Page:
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There's a lot to try and keep in mind. Enough that I'm finding myself over-thinking it somewhat, and much of it goes out the window when I'm sprinting for a wave (bad habits...) But if I focus on pushing back not down, and keep my elbows high ("over the barrel"), I definitely move faster through the water.

Has anyone here done his online course? $150. Not a lot to spend, really, to catch substantially more waves per session (I wonder what people pay golf pros?) But not sure it would really offer more than just poaching his free YouTube videos...
I would never pay but if I did pay 150 it would be for tutorial from olympic gold medal swimmer.
 

Muscles

Billy Hamilton status
Jun 1, 2013
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The technique of keeping your head down and back straight when paddling into a wave really helped me. Made a big difference in my wave catching. Put your chin down and don't arch and it seems you get much more speed.
 

Lohena

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Oct 30, 2019
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There's a lot to try and keep in mind. Enough that I'm finding myself over-thinking it somewhat, and much of it goes out the window when I'm sprinting for a wave (bad habits...) But if I focus on pushing back not down, and keep my elbows high ("over the barrel"), I definitely move faster through the water.

Has anyone here done his online course? $150. Not a lot to spend, really, to catch substantially more waves per session (I wonder what people pay golf pros?) But not sure it would really offer more than just poaching his free YouTube videos...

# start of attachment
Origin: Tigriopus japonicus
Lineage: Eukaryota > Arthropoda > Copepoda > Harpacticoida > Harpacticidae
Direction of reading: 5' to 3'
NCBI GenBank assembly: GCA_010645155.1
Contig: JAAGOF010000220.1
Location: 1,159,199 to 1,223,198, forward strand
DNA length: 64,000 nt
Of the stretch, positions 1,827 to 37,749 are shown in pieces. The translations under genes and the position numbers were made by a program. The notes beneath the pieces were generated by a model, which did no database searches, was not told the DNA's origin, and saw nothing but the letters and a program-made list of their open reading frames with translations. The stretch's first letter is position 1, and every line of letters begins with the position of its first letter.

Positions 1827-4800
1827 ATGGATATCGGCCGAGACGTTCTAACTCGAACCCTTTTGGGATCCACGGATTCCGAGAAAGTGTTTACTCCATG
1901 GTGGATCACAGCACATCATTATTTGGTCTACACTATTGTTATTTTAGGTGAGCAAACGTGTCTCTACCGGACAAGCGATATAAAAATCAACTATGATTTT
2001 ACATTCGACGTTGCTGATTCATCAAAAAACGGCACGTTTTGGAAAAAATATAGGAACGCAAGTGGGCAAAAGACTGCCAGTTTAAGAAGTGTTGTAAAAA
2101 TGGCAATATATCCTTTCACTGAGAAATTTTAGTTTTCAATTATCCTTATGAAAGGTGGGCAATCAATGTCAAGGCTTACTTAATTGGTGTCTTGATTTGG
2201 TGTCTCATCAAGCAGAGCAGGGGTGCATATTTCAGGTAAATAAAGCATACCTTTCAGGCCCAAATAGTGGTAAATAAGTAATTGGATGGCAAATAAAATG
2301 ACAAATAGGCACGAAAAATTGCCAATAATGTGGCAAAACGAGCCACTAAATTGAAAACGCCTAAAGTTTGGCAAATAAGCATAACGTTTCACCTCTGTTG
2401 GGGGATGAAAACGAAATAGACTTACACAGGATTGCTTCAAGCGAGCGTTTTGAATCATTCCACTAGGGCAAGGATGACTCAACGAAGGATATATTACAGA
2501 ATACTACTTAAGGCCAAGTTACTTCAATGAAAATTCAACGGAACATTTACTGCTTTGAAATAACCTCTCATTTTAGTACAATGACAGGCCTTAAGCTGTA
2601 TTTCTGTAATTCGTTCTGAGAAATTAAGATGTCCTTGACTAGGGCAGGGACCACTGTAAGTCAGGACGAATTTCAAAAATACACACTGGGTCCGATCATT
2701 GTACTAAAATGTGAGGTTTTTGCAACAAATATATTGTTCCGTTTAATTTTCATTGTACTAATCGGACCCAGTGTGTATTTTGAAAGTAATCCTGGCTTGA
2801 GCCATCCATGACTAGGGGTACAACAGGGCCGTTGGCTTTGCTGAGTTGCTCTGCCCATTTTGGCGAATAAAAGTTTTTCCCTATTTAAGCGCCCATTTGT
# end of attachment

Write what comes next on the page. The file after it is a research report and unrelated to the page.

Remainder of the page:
I'm planning on tapping into his expertise at some point next year. I'm actually thinking about either sending him a video or seeing him in person rather than the online course. I think it would be most helpful to have somebody observe issues with your specific technique. My main interest is more for injury prevention and longevity as I'm getting older and have existing repetitive stress injuries in my upper body. So far I've been lucky not to have any from paddling, but once that happens, it's over.

I know this was discussed in the other thread, but I have also noticed an efficiency benefit in following some of his advice on his free videos and podcasts. More than anything though, his breakdowns on the difference between a speed of a wave and the max speed we can paddle a surfboard has really helped me. I now realize is far more important to focus on positioning and wave choice to leverage the force of gravity to catch waves, rather than thinking only about paddling and which board paddles better than the other blah blah blah.
 
Apr 6, 2015
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More than anything though, his breakdowns on the difference between a speed of a wave and the max speed we can paddle a surfboard has really helped me. I now realize is far more important to focus on positioning and wave choice to leverage the force of gravity to catch waves, rather than thinking only about paddling and which board paddles better than the other blah blah blah.
This.

The increased paddling speed surely helps, but proper positioning is what I really need to get my head around.
 
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CutnSnip

Michael Peterson status
Sep 11, 2018
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Probably dropping in on you, California
The technique of keeping your head down and back straight when paddling into a wave really helped me. Made a big difference in my wave catching. Put your chin down and don't arch and it seems you get much more speed.